• Film

Foreign Film Submissions, 2015: Dheepan (France)

Part of the Hollywood Foreign Press Association’s mission is to foster greater understanding through world cinema. This year 72 Foreign Language films were submitted for Golden Globes consideration. Here is an overview of one of them.

They don’t know each other. But to escape Sri Lanka, their country ravaged by the civil war and in hopes of starting a better life, Dheepan, a former solder and Tamil Tiger (a formidable Anthonythasan Jesuthasan, himself an ex-Tiger), Yalini, a young woman (luminous Kalieaswari Srinivajan) and a little girl pose as a family to obtain their political refugee status. Ending up in France, the trio moves to a housing project in a Paris suburb. While trying to adapt and blend in their new environment, attempting to rebuild a home for themselves, they come to realize the area is crime ridden with drug trafficking, gang activities and ruled by violence. Dheepan is suddenly confronted to his worst nightmare, the realization he has left one hell for another. One war for another one, this time in the urban jungle. But beware of waking up a sleeping tiger, especially a Tamil one like Dheepan, who soon will see no other issue than to reluctantly take action with unsuspected consequences.

After The Prophet and Rust and Bone, French director Jacques Audiard’s seventh opus offers another portrait of conflicted souls, fractured lives and quest for acceptance. Infused with the subliminal message that, no matter where you are, violence is often the only universal language. But he avoids making Dheepan a one dimensional Charles Bronson-like vigilante or a helpless victim. Showing instead the ambivalence, the doubts of a man who desperately wants to change and forget his past, not unlike Clint Eastwood in Pale Rider or Viggo Mortensen in History of Violence…The only way for Dheepan to save himself and his “family” is to become again the wild animal he once was, barbarian and ruthless.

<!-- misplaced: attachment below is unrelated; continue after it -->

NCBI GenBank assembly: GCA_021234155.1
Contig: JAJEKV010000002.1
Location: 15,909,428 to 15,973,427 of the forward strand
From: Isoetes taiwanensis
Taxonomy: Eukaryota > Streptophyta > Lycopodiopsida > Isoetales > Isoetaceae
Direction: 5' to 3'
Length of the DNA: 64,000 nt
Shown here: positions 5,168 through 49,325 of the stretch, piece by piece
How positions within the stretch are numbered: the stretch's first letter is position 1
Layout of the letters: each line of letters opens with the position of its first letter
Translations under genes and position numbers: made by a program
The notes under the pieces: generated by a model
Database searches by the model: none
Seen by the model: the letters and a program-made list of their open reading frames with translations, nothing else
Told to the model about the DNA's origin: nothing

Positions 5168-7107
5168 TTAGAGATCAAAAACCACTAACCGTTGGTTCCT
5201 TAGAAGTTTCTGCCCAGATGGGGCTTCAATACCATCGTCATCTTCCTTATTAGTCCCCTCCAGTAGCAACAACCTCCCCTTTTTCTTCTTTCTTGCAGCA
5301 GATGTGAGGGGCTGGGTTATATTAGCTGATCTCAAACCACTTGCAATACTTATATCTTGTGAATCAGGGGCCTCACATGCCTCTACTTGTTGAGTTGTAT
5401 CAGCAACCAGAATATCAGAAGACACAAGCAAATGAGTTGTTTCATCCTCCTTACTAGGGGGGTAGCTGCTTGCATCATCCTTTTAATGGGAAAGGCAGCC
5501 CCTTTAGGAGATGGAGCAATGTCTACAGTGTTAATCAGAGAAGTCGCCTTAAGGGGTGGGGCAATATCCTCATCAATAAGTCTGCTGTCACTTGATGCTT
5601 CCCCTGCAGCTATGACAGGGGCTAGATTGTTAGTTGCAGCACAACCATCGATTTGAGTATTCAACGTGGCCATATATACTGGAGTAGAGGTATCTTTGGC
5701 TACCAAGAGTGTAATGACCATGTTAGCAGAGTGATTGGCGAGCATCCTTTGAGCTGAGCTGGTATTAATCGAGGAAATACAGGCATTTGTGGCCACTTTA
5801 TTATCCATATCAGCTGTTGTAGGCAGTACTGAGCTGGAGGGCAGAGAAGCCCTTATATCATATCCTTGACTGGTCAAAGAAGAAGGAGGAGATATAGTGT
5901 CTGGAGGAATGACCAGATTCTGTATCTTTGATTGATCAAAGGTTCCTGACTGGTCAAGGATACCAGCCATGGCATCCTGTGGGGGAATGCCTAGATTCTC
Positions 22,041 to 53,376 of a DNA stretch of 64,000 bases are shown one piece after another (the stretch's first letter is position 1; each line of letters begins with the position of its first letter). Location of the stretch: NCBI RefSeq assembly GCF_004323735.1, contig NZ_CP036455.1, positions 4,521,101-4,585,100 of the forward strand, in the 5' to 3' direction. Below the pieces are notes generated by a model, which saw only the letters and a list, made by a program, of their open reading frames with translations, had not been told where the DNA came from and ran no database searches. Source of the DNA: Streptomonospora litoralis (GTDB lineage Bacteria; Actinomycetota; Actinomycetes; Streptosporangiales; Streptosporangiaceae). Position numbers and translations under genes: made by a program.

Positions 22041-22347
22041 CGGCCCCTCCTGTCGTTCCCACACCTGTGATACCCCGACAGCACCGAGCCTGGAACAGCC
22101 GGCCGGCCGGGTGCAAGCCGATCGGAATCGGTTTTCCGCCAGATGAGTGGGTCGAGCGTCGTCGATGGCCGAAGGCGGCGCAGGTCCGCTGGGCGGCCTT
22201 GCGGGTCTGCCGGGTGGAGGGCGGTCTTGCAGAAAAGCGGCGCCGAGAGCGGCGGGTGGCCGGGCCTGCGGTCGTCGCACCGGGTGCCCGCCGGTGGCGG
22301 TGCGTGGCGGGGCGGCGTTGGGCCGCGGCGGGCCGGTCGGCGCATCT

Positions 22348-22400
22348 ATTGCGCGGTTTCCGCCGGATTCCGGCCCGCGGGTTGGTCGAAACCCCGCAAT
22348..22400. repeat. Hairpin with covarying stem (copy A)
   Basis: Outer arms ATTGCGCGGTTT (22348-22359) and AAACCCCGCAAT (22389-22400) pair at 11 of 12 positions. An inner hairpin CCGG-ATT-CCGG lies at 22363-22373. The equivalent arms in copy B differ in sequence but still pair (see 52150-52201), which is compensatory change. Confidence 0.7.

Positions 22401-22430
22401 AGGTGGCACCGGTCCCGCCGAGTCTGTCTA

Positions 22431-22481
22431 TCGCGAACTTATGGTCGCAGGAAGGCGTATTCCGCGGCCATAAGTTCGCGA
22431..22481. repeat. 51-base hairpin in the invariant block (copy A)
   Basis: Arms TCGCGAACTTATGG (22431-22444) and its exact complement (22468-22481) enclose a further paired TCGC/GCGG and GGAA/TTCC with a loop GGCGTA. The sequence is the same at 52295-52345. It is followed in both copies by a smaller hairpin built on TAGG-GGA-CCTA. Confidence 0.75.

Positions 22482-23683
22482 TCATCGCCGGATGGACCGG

Surprise winner of a somewhat controversial Palme d’Or at the last Cannes Film Festival, Dheepan was criticized by some who saw too simplistic a portrayal of urban violence and an ambiguous London-set happy-ending. But Audiard insists Dheepan is not a political statement. “I wanted to explore an unknown territory for me as a filmmaker, he says. And to shake things up while dealing with a foreign tongue, almost entirely filming in Tamil, working with mostly non professional actors and ask what it means to get along in our society today and at what cost”

Jean-Paul Chaillet